• In Christopher Moore's Coyote Blue Anubis is Coyote's older brother. In other books set in the same universe we meet Jesus, a human who has become the god of a cargo cult, the Celtic goddesses Babd, Macha and Nemain as well as angels, demons and djinn.
  • In Glen Cook's Petty Pewter Gods, not only do multiple pantheons of deities exist in the same world, but they compete for worldly prestige in order to maintain their claim on temple real estate in TunFaire's Dream Quarter. As the gods' traits and looks are dictated by their followers' beliefs, this means that the senior deities of two rival pantheons look virtually identical, because their idols were commissioned from the same craftsman, who used the same mold to cast figurines of both.
  • The Dresden Files loves this trope. The Judaeo-Christian God exists—in fact, Harry's ally Michael even has a sword powered by a nail from the Cross. The gods of all other pantheons are mostly inactive but still exist and the fae play a major role in the series. The existence of chi and karma has been acknowledged. Outsiders—-Lovecraftian horrors from outside reality—exist.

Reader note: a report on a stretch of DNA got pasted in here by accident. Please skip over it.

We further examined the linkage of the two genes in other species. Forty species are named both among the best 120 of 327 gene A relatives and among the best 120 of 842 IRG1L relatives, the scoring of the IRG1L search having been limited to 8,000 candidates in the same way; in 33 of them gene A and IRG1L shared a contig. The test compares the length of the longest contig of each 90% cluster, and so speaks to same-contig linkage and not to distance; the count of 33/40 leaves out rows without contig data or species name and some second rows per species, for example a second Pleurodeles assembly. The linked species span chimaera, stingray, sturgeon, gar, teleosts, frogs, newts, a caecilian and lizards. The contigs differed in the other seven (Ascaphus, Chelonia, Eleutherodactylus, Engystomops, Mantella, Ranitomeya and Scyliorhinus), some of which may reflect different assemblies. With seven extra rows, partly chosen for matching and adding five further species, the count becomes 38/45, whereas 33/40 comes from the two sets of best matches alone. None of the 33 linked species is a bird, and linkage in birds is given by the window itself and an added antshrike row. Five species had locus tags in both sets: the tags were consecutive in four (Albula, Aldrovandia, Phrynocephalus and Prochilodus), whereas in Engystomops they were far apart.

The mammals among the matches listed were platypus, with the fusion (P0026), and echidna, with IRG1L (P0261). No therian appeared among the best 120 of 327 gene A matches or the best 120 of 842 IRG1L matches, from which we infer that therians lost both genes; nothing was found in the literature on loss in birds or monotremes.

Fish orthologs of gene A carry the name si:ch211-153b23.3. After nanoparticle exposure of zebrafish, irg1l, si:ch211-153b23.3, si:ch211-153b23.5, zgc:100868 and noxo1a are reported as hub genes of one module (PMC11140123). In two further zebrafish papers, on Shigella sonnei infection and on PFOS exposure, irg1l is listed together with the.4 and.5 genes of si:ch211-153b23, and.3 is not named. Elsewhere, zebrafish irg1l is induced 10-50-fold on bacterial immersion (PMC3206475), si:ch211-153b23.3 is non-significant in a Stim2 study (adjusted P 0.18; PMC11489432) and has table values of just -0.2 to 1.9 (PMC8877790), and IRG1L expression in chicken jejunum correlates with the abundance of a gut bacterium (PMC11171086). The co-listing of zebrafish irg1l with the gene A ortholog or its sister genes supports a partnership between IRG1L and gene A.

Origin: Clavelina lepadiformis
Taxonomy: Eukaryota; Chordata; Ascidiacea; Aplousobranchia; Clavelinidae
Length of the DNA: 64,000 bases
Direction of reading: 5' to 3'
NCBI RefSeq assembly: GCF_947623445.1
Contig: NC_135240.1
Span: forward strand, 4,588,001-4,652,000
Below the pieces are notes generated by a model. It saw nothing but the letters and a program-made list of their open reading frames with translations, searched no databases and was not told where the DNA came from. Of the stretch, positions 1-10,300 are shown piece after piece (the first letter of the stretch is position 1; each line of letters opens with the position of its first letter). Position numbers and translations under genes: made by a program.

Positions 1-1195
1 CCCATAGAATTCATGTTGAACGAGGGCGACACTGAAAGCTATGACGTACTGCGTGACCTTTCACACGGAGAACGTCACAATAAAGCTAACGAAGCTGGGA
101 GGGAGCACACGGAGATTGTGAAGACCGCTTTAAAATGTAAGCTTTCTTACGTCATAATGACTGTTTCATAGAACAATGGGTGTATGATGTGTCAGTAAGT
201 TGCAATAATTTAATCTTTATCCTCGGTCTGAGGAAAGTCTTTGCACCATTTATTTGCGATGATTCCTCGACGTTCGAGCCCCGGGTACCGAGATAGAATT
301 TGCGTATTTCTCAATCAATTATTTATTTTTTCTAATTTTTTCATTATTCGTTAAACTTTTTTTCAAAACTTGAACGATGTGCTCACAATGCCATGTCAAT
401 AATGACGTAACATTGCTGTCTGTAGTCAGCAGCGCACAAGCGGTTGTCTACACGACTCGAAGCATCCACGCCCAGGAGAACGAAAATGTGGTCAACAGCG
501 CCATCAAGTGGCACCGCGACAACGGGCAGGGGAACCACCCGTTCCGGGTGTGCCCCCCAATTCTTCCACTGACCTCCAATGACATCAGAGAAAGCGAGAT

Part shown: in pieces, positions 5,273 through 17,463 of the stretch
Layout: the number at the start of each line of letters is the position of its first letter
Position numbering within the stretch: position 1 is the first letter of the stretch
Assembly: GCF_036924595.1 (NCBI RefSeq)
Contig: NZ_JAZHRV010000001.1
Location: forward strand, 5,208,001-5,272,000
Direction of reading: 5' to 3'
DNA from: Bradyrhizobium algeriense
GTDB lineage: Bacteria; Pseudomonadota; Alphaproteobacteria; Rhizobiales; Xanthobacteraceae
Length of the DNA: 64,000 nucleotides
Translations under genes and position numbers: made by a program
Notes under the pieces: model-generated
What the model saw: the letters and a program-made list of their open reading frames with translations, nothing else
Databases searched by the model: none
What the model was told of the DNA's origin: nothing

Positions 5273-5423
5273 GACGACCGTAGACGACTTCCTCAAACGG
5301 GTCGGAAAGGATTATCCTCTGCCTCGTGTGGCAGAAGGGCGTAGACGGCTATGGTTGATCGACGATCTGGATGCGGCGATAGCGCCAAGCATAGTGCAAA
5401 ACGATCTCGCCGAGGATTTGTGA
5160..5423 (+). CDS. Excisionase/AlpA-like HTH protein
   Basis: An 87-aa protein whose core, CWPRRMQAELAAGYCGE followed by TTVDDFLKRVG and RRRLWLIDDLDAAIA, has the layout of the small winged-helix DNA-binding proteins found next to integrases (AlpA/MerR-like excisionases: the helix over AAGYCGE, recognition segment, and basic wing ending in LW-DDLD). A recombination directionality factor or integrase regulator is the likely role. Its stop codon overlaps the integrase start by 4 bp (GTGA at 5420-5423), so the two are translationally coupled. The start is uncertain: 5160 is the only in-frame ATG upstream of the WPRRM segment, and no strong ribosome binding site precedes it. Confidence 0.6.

• The Norse pantheon has adapted to the times, becoming a mercenary company led by Odin, with the Einherjar as the soldiers. Odin also seems to be taking an active role in Harry's own world, appearing as part of the Grey Council.
      • Odin is also Kringle a.k.a Santa Claus, who, before the reveal, was thought to be Wyldfae, further blurring the distinction between the Fae and gods and demons (the kind that comes from the Nevernever, not Hell.
      • In Proven Guilty, Harry specifically mentions that gods from Greco-Roman, Norse, Amerind, Africant, Australian Aboriginal, Polynesian, southeast Asian, and Hindu mythology all exist, and have been dormant for centuries. Followers of Dionysus show up in one of the short stories trying to ignite a massive drunken rampage of sports fans. Hades is tasked with guarding various weapons including the head of the spear that stabbed Christ. It is also alluded to that he has a deep connection with the six fairy queens